At one time these cars were many years ahead of their own era – they still look fresh and relevant. We remembered the 10 most striking examples of eternal youth.
The popular at that time model was produced from 1995 to 2004 with sedan bodies, wagon and coupe. Especially the French managed to make a two-door model, the appearance of which was worked on by specialists from the famous Pinininfarina studio. There is a legend that originally this design concept was created for a new Ferrari sports car, but for some reason the Italians “wrapped” the project.
Porsche has been manufacturing 911 sports cars for over half a century, but today’s cars are still very similar to those of the 1960s. For example, the fourth generation model still looks fresh and relevant. Despite the significant external resemblance to the classic 911s of the previous generations, the “993rd” has no common parts in the body and suspension design.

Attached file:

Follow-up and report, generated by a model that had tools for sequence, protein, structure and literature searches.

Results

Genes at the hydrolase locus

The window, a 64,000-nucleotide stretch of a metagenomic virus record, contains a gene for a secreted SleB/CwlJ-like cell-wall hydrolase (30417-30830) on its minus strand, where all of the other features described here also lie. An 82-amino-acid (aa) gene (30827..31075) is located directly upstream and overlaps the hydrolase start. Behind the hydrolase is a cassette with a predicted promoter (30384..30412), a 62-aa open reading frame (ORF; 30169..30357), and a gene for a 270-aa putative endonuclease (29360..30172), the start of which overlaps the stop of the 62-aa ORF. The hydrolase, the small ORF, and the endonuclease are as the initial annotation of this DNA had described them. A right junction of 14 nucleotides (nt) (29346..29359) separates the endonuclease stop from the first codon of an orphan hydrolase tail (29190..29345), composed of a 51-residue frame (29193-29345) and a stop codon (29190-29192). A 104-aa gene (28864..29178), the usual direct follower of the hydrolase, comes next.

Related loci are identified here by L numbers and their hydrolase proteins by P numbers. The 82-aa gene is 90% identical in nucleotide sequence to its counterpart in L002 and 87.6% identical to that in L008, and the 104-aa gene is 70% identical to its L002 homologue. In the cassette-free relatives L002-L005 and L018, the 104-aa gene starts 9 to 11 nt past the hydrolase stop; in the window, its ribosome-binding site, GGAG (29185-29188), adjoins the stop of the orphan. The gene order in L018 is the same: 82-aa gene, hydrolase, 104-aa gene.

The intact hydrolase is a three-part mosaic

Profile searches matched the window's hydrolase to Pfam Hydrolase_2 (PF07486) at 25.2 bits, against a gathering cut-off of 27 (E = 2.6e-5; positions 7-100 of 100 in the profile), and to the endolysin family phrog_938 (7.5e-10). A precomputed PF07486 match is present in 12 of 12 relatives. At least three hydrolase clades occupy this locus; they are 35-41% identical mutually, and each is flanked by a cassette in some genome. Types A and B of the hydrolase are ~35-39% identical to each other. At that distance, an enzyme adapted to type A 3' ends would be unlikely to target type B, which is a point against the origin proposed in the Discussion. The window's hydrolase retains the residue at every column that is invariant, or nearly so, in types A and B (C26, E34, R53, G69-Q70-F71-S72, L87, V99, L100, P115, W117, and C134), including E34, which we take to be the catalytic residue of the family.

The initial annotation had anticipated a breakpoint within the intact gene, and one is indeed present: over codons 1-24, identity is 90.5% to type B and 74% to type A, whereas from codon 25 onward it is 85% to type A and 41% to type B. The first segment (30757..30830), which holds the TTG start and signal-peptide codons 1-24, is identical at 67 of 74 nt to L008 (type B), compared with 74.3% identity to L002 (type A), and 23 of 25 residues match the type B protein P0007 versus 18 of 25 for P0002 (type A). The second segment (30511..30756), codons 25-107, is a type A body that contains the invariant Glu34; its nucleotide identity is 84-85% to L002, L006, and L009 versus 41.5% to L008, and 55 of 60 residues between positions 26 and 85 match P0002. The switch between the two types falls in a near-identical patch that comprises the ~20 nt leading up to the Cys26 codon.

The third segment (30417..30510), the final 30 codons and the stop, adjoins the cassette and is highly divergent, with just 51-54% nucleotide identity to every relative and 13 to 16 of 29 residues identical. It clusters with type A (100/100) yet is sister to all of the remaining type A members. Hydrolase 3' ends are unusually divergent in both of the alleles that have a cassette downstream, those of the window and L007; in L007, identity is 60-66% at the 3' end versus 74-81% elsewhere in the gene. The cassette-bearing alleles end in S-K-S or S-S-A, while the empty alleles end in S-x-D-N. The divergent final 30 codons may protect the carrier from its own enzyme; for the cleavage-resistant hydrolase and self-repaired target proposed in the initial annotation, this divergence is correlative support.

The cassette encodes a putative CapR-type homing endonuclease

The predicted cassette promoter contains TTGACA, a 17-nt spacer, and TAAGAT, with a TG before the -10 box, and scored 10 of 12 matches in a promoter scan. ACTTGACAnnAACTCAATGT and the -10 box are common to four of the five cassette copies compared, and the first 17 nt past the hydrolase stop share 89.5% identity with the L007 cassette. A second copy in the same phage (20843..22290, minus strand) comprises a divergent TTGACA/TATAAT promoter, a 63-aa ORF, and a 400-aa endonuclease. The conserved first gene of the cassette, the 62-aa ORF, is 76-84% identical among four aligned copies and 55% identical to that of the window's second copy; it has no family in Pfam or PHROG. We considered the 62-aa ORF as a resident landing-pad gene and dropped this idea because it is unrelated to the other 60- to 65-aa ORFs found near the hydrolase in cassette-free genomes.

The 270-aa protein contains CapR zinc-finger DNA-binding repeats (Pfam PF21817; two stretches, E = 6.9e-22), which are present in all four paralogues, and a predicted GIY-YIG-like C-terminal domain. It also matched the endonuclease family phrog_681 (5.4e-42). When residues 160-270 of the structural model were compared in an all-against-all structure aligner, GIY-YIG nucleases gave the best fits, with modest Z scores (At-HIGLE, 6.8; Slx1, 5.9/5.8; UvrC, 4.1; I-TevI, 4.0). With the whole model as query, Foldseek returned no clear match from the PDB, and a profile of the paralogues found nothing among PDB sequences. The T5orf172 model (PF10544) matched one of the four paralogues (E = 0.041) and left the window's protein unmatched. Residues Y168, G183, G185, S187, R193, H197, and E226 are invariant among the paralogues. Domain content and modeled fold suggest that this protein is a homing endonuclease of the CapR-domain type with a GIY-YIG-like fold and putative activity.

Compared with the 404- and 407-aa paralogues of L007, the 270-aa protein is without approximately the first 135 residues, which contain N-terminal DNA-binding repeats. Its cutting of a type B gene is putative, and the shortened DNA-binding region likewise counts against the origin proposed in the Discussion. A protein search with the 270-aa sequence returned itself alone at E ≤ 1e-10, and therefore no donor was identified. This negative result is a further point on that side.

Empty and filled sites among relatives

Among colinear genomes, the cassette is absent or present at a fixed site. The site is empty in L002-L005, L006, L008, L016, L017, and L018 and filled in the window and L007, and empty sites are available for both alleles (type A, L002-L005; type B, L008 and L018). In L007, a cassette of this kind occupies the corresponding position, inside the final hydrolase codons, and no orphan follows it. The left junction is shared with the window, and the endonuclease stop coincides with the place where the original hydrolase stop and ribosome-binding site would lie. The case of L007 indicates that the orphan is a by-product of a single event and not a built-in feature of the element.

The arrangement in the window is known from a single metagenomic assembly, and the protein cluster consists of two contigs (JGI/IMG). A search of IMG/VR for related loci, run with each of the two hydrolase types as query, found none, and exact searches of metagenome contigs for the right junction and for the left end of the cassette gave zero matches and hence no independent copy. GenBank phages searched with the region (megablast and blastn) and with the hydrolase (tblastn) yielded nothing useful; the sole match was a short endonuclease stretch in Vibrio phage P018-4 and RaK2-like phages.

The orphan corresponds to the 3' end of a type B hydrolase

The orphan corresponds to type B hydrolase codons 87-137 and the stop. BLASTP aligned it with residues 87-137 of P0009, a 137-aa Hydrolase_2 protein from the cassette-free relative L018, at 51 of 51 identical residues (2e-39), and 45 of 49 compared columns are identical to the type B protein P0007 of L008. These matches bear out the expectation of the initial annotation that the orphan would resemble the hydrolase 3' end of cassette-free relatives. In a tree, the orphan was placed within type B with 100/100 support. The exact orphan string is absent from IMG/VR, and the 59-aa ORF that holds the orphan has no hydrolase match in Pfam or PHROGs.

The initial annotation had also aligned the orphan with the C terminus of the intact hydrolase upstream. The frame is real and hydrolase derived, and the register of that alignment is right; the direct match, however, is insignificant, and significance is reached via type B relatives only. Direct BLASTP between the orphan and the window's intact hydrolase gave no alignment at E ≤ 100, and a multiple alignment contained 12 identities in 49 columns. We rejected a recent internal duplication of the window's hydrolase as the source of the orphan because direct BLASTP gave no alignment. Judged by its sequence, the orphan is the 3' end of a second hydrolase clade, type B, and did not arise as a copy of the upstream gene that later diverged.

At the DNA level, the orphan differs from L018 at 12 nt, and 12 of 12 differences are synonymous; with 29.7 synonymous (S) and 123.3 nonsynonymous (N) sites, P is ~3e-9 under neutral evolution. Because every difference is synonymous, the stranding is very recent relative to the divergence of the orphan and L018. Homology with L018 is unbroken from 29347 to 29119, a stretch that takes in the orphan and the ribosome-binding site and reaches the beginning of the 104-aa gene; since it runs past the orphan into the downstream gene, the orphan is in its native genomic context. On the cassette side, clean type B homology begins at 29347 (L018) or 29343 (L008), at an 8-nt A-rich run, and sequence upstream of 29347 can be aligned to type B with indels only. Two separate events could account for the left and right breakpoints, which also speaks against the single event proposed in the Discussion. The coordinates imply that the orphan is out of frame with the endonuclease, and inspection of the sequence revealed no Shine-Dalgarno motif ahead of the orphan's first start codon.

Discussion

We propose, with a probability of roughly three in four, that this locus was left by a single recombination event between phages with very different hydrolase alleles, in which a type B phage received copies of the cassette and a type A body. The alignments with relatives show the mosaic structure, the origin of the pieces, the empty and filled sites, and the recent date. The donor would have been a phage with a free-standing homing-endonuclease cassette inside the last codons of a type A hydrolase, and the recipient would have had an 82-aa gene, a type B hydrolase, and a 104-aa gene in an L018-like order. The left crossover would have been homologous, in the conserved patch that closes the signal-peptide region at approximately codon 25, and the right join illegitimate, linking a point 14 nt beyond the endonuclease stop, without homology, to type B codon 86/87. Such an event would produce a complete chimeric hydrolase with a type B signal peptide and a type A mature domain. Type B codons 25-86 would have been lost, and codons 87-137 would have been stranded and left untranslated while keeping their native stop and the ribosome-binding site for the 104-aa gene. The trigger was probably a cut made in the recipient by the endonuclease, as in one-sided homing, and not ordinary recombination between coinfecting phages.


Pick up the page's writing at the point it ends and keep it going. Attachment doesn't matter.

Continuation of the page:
The Japanese roadster, which was completed more than 10 years ago, still looks newer than many modern sports cars. The cult model still holds the record for the number of horsepower removed from 1 liter of the working volume of the atmospheric engine among production cars. The Honda S2000’s first-generation two-litre inflatable four produced an incredible 250 horsepower for this volume.
The four-seater Japanese sports car had many non-standard solutions, such as the lack of central poles and small swing rear doors opening against the direction of travel. And, of course, it is also a rotary engine – the RX-8 became the last model of Mazda, equipped with the Wankel engine of unusual design. For 10 years of its existence, the sports car has received about 40 various international awards. By the way, the Japanese still do not give up hope to revive the model with the legendary rotary piston engine.
Toyota Supra Turbo